Woodmen of the World

If you’ve visited Indian Spring cemetery in Punta Gorda, FL, you’ve probably noticed the highly detailed tree trunk grave stones. These grave markers bear the words ‘Woodmen of the World’ and often feature other similar iconography. According to Waymarking.com “Many of these tree stump monuments stand four to five feet high and show sawed or broken limbs traditionally symbolizing a life cut short.”

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Miss Ollie Brackett’s Secret

The most famous prostitute of Punta Gorda was Miss Ollie Brackett. Ollie ran a “disorderly, bawdy house of ill repute” at the west end of Marion Avenue – in those days it was known as the bad part of town. Miss Ollie served a few very select customers herself and managed her “stable” of seven “ponies” who handled the majority of the clientele.

Back in the day there were several brothels here in Punta Gorda. It was a rough pioneer town populated with scores of unmarried cattle men, fishermen, railroad workers and tradesmen. Besides the houses with red lights, there were houseboats of girls on call for fishermen located in what was known as Whore Bay.

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First White Man Dies in America

Juan Ponce de León

Juan Ponce de León came to what is now Punta Gorda on his second expedition in 1521 with 200 colonists. The Calusa attacked, and Juan took an arrow to his hip. His men tried to pull it out but only got the shaft, and the arrowhead remained in his body.

The entire expedition returned to their ships and headed back to their home base in Cuba. But, it was too late! Juan’s wound had become infected. Noble Spanish explorer Juan Ponce de León is now honored by Punta Gorda with a plaque titled: “The First White Man Dies In America.”

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A Horse Named Perry McAdow

Perry McAdow of Punta Gorda

Perry McAdow was one of the founding citizens of Punta Gorda. He arrived in Punta Gorda in 1897 with his young new bride Marian.

Another Perry McAdow of the same era was a Thoroughbred race horse. Perry McAdow, the horse, is listed in the racing rosters in 1904 and raced until 1910. That’s a long career for a race horse.

We’ll probably never know who named this horse after Perry McAdow or why. Was Perry a friend of the horse’s owner? Continue reading

Who Killed Marshal Bowman? Suspect 1: Isaiah Cooper

Marshal John Bowman

According to authors U.S. Cleveland and Lindsey Williams, Isaiah E. Cooper was convicted of Marshal Bowman’s assassination, but enough doubt existed that his scheduled execution was postponed three times, and ultimately when former Punta Gorda resident Albert Gilchrist was elected governor of Florida in 1908, he commuted Cooper’s death sentence to life in prison. Continue reading

Meet the Mysterious Mrs. B

Laura Bowman has been snubbed by other local historians. According to Lindsey Williams and U.S. Cleveland, after the assassination of her husband, Marshal John Bowman on January 29, 1903, “Mrs. Bowman moved to her mother’s home at Charlotte Harbor town and died two years later. The children were placed in the Arcadia Orphanage, and adopted.” After many sleepless nights worrying about the sad fate of the orphaned Bowman children, I initiated my own independent research. Continue reading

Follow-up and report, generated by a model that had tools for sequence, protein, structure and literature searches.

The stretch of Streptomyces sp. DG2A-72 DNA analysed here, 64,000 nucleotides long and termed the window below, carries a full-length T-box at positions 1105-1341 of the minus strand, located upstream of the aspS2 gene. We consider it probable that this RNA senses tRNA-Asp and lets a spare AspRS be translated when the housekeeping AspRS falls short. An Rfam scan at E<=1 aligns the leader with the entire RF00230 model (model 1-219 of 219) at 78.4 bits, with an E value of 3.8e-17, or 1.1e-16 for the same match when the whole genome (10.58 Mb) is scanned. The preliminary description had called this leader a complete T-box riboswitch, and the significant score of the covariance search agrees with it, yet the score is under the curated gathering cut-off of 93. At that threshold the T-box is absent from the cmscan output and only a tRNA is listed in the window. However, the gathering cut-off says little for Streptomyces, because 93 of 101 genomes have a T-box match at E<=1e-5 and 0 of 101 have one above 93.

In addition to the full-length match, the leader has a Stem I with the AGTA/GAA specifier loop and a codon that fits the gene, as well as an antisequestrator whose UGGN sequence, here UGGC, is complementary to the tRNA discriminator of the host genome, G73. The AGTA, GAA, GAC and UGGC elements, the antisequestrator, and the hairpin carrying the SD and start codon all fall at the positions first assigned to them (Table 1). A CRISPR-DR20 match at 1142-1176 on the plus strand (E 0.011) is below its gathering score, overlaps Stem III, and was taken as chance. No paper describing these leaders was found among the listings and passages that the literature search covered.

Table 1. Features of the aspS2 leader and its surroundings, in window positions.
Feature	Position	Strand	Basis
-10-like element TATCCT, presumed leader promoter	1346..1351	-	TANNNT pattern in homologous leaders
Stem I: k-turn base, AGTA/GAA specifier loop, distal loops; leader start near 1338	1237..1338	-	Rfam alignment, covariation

The Dick Family Mystery

John Monroe Dick was a gentleman farmer

The Dick family’s short presence in Punta Gorda’s early history is a mystery.

Angie Larkin tellls of the Dick family arrival in her book In Old Punta Gorda. The Dick family came to Punta Gorda in 1888 by covered wagon from Texas. They spent their first night in what is now the parking lot of Punta Gorda Waterfront Hotel and Suites. However, they didn’t stay long. In the 1880 Census they resided in Chambers, TX and in the 1900 US Census they were in Galveston, TX. Continue reading

Punta Gorda’s Most Famous Ghost is a Teen-Age Girl

Leah Sandlin painted by Christiane Belle Tremblay

Mary Leah Sandlin’s story is legendary in Punta Gorda. The 14-year-old was ironing clothes on the front porch of her family home when she caught on fire. She leapt off the porch and ran down the street engulfed in propellant-fueled flames. Neighbors put out the fire but Leah succumbed to her massive injuries within three hours. It is said her ghost still haunts the historic family home on Retta Esplanade. Continue reading

Why was McGraw’s Place known as the Bucket of Blood?

In the book, Our Fascinating Past-Charlotte Harbor: Early Years, the authors interchange the alias Bucket of Blood and Bloody Bucket in reference to McGraw’s Place. It was a small gas station with a counter where motorists could buy a soda or candy. McGraw’s Place was located at the corner of Tamiami Trail and Acline Road by the railroad tracks, and had a reputation as a secret speakeasy where locals could procure alcohol during Prohibition. Continue reading

Pregnant Postal Worker Killed in the Street

Kate “Sissie” Dick was an early resident of the new town of Punta Gorda. She came to Punta Gorda along with her parents, John and Amanda Dick, and her many siblings. The family traveled from Texas to Punta Gorda in a covered wagon.

Working Woman, Wife and Mother

Katie worked as the assistant postmaster and married Alfred Sloan on Halloween 1888 at the age of 22. The young couple moved to a home on Alligator Creek across from Indian Spring Cemetery. In 1889 they had their first daughter, Celia. Within two years of wedded bliss, Katie was pregnant with their second child. Continue reading